Arc'teryx Fortrez Hoody
Versatile light-to-midweight, fairly breathable Polartec Power Stretch gridded fleece with Hardface tech.
Featuring some excellent features and with better than average durability.
- Excellent high fastening Scuba-hood with intgrated face/neck gaiter provides more than adequate protection
- Relatively lightweight(375g - size L) gridded fleece promotes breathability and has very good performance-to-weight ratio
- Will withstand short intermittent periods of light drizzle and moderate wind
- Hardface outer improves durability over many other light and midweight fleeces
- Athletic 'Trim' fit helps when layering it under hard or softshells in harsher conditions
- An internal security pocket would have been welcome and the 3 pockets it does have could be larger when gloves are worn
- Some form of hem adjustment would have been nice
- Could do with elasticated cuffs or Velcro cuff adjusters
- Two-way main zip would have provided a little more functionality and versatility
- Micro-corded zipper pulls a little fiddly when wearing Winter gloves
- A little bit overpriced at UK MRP: £170-(US$220-)
- Hand pockets a little awkward to access when worn under fastened backpack hip-belt or climber's harness
Waited for the end of season sales before taking the plunge and buying my first one in Autumn (Fall) 2015.
I did find the Arc'teryx Fortrez's Athletic 'Trim' fit a little restrictive on my bulky (46in) torso, shoulders and upper arms at first, but Arc’teryx’s anatomical patterning, articulated elbows, gusseted underarms and use of four-way stretch PolarTec PowerStretch fabric in the design of the Fortrez doesn't hinder you much when you're on the move, almost feeling like a second skin.
After trying sizes L - XXL I eventually settled on the XL size as the best compromise between comfort and practicality. But the sleeves are still a bit on the long side for me.
Even though the Fortrez is largely form-fitting, I'd have really appreciated some form of hem and cuff adjustment, such as Velcro cuff adjusters and elasticated cinch cords for the hem etc. But, when worn as a mid-layer, this is probably less of an issue.
An unexpected benefit of the 'Trim' fitting Fortrez and the PolarTec PowerStretch's Hardface tech. outer face fabric is that it layers a little more easily underneath a hard or softshell. Although baselayers will likely catch and gather underneath on the Fortrez's brushed PolarTec PowerStretch fleece lining.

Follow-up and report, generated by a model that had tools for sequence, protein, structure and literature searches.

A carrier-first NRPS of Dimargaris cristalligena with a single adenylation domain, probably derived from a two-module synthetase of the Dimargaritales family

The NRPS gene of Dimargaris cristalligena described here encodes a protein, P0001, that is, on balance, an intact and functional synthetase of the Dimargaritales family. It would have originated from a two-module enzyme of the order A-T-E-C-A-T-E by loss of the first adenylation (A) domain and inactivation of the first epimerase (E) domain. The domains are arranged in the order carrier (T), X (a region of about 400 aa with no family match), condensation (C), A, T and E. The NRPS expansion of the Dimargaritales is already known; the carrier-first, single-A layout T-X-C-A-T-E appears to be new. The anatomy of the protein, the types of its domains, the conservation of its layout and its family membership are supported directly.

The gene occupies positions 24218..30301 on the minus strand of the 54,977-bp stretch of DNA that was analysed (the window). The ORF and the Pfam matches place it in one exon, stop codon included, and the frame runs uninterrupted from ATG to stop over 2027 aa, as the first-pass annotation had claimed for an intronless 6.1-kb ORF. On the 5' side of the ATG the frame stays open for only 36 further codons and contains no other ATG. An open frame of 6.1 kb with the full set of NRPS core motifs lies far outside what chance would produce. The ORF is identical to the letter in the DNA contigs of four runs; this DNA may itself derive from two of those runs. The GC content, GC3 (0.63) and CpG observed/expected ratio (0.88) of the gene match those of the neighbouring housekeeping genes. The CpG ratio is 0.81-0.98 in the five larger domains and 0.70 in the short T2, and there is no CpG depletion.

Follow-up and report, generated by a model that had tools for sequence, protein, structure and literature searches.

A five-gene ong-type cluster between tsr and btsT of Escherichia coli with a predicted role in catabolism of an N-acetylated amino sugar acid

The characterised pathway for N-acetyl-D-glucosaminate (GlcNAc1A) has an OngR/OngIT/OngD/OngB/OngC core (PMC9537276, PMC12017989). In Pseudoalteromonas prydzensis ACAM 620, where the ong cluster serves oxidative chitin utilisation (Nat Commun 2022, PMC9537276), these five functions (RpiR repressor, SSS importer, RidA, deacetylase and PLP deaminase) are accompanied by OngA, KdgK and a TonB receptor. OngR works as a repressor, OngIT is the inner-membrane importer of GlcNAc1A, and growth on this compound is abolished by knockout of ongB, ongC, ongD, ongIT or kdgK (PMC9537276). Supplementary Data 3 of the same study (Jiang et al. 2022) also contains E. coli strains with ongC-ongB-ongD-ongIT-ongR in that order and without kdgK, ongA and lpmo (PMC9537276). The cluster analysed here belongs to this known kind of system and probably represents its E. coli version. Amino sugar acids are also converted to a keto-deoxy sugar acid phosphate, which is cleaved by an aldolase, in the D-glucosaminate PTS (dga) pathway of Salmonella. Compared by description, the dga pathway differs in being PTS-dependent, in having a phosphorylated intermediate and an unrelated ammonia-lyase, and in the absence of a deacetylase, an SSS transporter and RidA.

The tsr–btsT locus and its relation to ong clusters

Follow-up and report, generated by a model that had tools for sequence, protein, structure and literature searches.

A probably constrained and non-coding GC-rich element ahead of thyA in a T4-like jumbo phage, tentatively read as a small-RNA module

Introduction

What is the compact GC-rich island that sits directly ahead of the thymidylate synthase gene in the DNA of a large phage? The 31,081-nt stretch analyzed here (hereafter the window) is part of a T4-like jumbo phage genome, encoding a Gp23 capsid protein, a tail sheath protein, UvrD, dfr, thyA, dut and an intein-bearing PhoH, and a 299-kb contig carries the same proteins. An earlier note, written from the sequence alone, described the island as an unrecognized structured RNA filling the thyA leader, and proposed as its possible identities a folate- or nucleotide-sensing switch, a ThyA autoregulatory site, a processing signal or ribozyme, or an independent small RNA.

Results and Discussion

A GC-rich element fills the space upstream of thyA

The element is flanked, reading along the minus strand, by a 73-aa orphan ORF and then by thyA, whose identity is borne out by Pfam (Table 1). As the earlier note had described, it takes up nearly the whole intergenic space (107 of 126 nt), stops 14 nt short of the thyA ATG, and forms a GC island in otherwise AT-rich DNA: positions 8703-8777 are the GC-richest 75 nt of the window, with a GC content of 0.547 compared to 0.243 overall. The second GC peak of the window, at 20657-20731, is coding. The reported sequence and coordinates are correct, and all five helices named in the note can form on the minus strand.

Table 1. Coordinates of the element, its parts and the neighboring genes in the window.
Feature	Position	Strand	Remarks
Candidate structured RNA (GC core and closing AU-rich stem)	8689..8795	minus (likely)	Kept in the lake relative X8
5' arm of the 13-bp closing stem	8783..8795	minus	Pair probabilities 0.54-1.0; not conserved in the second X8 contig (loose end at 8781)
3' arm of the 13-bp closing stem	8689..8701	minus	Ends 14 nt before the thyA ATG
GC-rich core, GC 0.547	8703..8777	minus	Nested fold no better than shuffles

Another advantage of the Fortrez's use of the Hardface tech. outer face fabric is that it results in a light to midweight fleece that is fairly resistant to abrasion, snagging, and tearing.
The Fortrez Hoody's relatively long length also means it should provide some degree of protection below the waist and keep it from riding-up when reaching and stretching.
Arc'teryx's ScubaHood design is a great example of balancing form and function. The ScubaHood, once zipped-up just below the chin helps to minimise the entry of any wind or rain, fitting snugly over the head to comfortably accommodate a helmet on top, with little excess material to impair your peripheral vision or restrict the movement of the head.
One feature of the ScubaHood which i've come to appreciate is its integrated face or neck gaiter. Made from a panel of Phasic AR polyester material attached to the inside of the hood. Whenever your face begins to feel cold, just stretch this panel over your head to cover your chin, mouth and/or nose.
I love using this integrated balaclava or gaiter. Probably because I've always fancied myself as a bit of a Ninja! But a word to the wise. Do remember to take it off when popping down to the Bank or the shops when wearing it around town!
The Fortrez has 2 zipped hand pockets of reasonable size with an additional small zipped breast pocket. Would have been a bit more practical to have slightly larger pockets particularly for when Winter gloves are being worn and an additional internal security pocket(for GPS, mobile phone, wallet etc) would have been most welcome. But positioning the hand pockets so near to the waist means they're a bit awkward to access when worn under a backpack hip-belt or climber's harness.
Arc’teryx has also used micro-corded zipper-pulls on the zipped pockets and main zip of the Fortrez, but these can be a little fiddly in cold weather when using Winter gloves.
I've been pleasantly surprised by the Fortrez's performance while out camping, climbing, hiking, mountain trekking, scrambling and on long walks along old canal tow-paths and river banks etc, especially during the depths of Winter.
When worn as an outer-layer the 'Trim' fitting gridded fleece is claimed by Arc'teryx to aid in the efficient wicking away of moisture, is said to insulate you from moderate winds and its DWR coating is used to prevent much rain from being absorbed. My experiences of wearing it as my outer layer in light drizzle and in light to moderate winds can largely attest to these claims.
But, having said that, I must state that l'd hesitate to use the Fortrez as a stand alone outer in more extreme weather, particularly at higher altitudes.
When used as a mid-layer I believe this is when the Fortrez comes into its own. Preventing you from feeling too cold in severe, near to frigid conditions, or from becoming too hot and clammy when active in milder, but relatively cool and dry, conditions.
I now have four Fortrez hoodies in: Macaw (Blue), Nighthawk (Dark Blue), Odysseus (Dark Green-Grey), and Oxblood (Dark Red).
They've yet to let me down and are still looking almost as good as when I first bought them.
Source: bought it new
Price Paid: £95 ($126) and £115 ($154) on sale
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